"Ruski czlowiek": Muscovites and Ruthenian identity in occupied Wilno, 1655-1661

Mokslo publikacijos / Scientific publications
Document Type:
Straipsnis / Article
Anglų kalba / English
"Ruski czlowiek": Muscovites and Ruthenian identity in occupied Wilno, 1655-1661
In the Journal:
Journal of Ukrainian studies. 2009, 34, p. 134-160
1655-1661 m. maskolių okupacija; Konfesinis, etninis identitetas; Lietuvos Didžioji Kunigaikštystė (Lietuva; LDK; Grand Duchy of Lithuania; GDL); Maskvėniškoji tapatybė; Maskvos okupacija, 1655 (Pirmoji Vilniaus okupacija); Rusai / Russians; Rusėnas; Rusėniškoji tapatybė; Russki czlowiek.
Confessional, ethnic identity; Czlowiek russki; Muscovite occupation, 1655-1661; Russian; Ruthenian; The Muscovite Occupation; The Muscovites Identity; The Ruthenian Identity.
Summary / Abstract:

ENUsage in the various languages ofthe Polish-Lithuanian Commonwealth in the seventeenth century drew strict distinctions between "Ruthenian" {"ruski" and "Rusin^' in Polish) and "Muscovite" "moskiewski" and "Moskal," or '"Moskwicin"). In the local context, "Ruthenian" was a temi of controversy. In the language of "high culture," represented here by polemical literature, an exclusionary question played a central role: was the term to be applied to the Orthodox or to the Uniates? An either-or choice had to be made: which group was the rightful heir to the Ruthenian religious and political patrimony, and thus to the privileges, offices, and property accorded to Ruthenians in the sacred and secular arenas of the Commonwealth? The daily usage of living Ruthenians, however - at least in Wilno (Vilnius), the context of these observations - was much fuzzier. The two confessions could be seen as markers of one common identity. Indeed, mixed marriages (Uniate-Orthodox) were frequent enough, and larger human networks - formed through testamentary donations, choice of executors and witnesses of wills, and selection of guardians for widows and orphans, among others - suggest a local sense of Ruthenian identity that, for some (though not all), included both Uniate and Orthodox. And, more importantly, it often stood in opposition to Roman Catholics. But as far as the Muscovite was concemed, all were in agreement: he was "other," definitely not of "us." Never did a seventeenth-century Ruthenian (or Pole) refer to people or things Muscovite as "ruski." Or so I used to think. The following comments examine four passages from the acta ofthe burgomasters and councilors in which the adjective "'ruski" - in Wilno usage of a strictly delimited time and context - quite clearly meant "Muscovite." All these texts stem from the period of the M.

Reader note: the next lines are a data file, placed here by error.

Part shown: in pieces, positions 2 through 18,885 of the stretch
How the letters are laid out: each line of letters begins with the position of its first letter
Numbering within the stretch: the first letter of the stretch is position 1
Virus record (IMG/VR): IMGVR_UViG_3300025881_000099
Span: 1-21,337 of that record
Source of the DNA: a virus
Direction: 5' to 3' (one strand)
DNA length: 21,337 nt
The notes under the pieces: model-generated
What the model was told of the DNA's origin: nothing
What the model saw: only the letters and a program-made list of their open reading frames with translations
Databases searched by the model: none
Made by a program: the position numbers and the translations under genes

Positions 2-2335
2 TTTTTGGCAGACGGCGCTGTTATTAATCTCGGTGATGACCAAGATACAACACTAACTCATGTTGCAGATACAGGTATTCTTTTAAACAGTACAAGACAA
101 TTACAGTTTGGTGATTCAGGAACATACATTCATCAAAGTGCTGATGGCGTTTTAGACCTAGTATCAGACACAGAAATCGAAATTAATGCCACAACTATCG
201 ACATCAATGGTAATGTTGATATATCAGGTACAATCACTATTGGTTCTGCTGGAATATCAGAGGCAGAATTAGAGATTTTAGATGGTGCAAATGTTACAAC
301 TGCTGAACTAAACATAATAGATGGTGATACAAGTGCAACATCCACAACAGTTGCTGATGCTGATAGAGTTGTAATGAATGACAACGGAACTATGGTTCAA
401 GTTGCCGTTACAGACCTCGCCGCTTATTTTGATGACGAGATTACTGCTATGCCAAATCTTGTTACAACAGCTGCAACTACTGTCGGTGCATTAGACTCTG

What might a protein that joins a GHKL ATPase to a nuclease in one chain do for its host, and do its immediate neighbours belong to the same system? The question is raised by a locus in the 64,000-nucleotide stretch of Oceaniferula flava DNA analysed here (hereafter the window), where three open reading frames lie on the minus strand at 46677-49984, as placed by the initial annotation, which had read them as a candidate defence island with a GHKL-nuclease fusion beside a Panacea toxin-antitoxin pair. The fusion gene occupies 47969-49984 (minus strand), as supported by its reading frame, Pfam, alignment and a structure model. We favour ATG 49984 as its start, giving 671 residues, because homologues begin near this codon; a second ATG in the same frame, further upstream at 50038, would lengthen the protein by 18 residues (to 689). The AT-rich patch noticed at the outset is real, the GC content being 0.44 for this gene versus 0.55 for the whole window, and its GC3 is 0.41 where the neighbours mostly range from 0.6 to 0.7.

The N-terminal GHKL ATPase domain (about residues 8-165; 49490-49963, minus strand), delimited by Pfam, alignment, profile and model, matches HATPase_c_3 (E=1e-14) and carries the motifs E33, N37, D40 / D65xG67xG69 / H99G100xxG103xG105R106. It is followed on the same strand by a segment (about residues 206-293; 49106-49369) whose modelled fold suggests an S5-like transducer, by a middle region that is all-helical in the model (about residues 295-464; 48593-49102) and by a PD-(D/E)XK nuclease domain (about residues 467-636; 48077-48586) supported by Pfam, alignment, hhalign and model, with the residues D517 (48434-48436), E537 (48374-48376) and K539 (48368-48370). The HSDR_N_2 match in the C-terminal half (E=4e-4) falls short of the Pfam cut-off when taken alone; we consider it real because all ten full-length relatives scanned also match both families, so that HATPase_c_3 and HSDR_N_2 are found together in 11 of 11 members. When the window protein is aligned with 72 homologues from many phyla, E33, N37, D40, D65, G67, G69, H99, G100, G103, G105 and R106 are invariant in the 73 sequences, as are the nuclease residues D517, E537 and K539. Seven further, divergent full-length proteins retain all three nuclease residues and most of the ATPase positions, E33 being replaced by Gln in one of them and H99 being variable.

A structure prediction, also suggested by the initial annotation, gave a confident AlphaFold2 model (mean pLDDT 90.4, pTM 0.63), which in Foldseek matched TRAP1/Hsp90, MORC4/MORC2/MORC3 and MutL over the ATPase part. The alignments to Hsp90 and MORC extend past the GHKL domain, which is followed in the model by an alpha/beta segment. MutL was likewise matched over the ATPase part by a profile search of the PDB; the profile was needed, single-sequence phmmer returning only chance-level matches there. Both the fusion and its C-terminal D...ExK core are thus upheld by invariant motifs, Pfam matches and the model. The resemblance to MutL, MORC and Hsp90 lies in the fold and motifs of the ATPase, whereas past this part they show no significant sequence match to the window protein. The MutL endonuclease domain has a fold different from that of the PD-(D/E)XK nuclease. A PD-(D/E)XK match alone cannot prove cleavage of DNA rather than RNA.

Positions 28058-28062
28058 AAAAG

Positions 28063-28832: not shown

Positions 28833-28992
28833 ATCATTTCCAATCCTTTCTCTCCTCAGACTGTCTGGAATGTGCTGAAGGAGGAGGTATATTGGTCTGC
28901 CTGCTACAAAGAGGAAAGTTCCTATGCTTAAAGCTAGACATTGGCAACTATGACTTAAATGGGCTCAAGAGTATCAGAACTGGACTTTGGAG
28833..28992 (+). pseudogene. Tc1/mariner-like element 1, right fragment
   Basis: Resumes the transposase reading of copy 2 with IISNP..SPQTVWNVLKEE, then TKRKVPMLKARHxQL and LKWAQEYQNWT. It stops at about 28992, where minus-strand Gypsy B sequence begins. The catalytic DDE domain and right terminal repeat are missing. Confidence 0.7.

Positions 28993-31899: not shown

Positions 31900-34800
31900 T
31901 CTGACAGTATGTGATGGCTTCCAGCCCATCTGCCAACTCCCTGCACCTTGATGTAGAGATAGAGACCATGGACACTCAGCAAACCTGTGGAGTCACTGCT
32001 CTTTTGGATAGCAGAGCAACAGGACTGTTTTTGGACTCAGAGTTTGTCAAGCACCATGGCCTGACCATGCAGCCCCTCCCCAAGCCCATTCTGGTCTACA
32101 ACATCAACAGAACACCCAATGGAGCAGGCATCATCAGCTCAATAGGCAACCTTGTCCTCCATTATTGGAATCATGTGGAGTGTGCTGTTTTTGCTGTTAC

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2022-01-01 06:59:15
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